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Umbertide during the Second World War
This picture shows a 10th Division
AEC Mk II armoured car, from the
divisional reconnaissance regiment,
Skinner's Horse, crossing a Bailley
bridge over the moat.  The Rocca
can be seen to the left.  Note the
name given to the bridge - three
years before Indian independence.
10th Division infantry advancing
north up the Tiber valley with
Monte Acuto behind them, July
1944.  These soldiers are from
4th Battalion 10th Baluch
Regiment.   The Regiment's battle
honours include Citta di Castello.  
Following partition in 1947, the
Regiment became part of
Pakistan's army.
Shortly after the town had been
liberated, his majesty King George
VI visited Umbertide, as part of a
tour of the Italian front.  He is the
figure standing in the staff car
moving towards S. Maria della
Reggia.  He is receiving the cheers of
10th Infantry Division troops lining
Via Giuseppe Garibaldi.  The jeep
following carries 8th Army HQ
British 8th
Army insignia,
based on a
crusader cross
Interestingly, the Tank Museum at
Bovington in the UK has a single
example of an AEC Mk II on display.  
This bears the Indian 10th Infantry
Divisional insignia.
Click on any image on
this page for an
enlarged view.
During the Second World War, Umbertide was very badly damaged during the allied advance north
towards the Gothic line, following the breaching of the Gustav line at Cassino, south of Rome in May
1944.  Because it was a heavily defended part of the Trasimene line, (see map below), the assault was
preceded by an artillery bombardment that badly damaged the town and killed some local residents.  This
followed an earlier air raid in April that caused 70 deaths and much destruction.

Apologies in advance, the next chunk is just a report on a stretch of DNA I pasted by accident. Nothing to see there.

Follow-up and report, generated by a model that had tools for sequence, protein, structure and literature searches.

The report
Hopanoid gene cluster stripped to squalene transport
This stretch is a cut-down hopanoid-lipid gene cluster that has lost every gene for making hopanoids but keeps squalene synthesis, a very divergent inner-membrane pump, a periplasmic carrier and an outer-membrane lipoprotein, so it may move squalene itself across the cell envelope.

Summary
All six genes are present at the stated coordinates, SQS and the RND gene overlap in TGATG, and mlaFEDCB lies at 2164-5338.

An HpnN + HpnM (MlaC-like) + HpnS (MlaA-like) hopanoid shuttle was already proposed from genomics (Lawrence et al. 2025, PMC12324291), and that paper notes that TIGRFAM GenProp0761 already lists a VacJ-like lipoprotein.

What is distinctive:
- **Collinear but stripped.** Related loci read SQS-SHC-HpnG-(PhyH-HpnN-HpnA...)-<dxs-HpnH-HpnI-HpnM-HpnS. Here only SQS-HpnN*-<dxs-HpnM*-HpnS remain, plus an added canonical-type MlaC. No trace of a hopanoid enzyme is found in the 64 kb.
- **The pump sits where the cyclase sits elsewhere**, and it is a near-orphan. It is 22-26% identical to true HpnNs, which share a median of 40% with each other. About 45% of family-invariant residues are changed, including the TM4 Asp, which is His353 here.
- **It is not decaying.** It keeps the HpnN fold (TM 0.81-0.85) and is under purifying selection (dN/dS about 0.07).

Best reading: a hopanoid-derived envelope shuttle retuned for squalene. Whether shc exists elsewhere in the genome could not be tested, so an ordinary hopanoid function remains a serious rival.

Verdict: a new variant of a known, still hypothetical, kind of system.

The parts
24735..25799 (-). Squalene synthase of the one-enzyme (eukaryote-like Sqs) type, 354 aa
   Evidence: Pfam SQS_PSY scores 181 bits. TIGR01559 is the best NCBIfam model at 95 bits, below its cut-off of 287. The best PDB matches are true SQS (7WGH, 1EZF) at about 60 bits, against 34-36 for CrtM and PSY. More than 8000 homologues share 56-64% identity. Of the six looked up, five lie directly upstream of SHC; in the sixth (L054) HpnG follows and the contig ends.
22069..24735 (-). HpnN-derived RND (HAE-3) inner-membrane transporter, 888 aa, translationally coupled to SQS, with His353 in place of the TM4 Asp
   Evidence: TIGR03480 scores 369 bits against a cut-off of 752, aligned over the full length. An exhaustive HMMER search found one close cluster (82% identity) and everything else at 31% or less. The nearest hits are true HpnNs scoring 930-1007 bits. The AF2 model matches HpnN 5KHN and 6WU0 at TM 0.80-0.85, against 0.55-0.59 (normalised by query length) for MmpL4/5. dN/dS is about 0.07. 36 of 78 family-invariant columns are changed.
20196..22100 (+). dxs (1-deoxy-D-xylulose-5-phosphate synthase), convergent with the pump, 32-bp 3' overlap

It was eventually secured on 5th July 1944, two weeks after Perugia had been liberated.  For access to
eye witness accounts of the war in Umbria, available in Italian and English, follow this link;
archives.  The
first troops into the town were units of the 3rd Punjabis, part of 10th Infantry Brigade, in turn part of
the Indian 10th Infantry Division - the "Diagonals".
The memorial to the
Resistance and to those
citizens who lost their
lives in the artillery
bombardment of
Indian 10th
Infantry Divisional
The King's Dragoon Guards were the first allied soldiers to enter the Niccone valley, which they did via
Preggio, following a brisk encounter with the retreating Germans.  The KDG had taken Perugia on 20th
June 1944, after the Germans had abandoned the city the night before to retire to the fortified
Trasimene line (see map below).  Once in the Niccone valley the KDG faced significant opposition and
could only make slow progress towards Umbertide.  On 5th July the regiment went into rest at Castel
Rigone.  A full description of the KDG advance can be found if you follow this link to the
A map of Northern Italy showing the
many German defensive lines.  Hitler
was keen on impregnable fortress
lines that would never be breached,
and the German commander in Italy,
Kesselring, kept him happy with a
whole string of them.  All of which
were, of course, ultimately breached.
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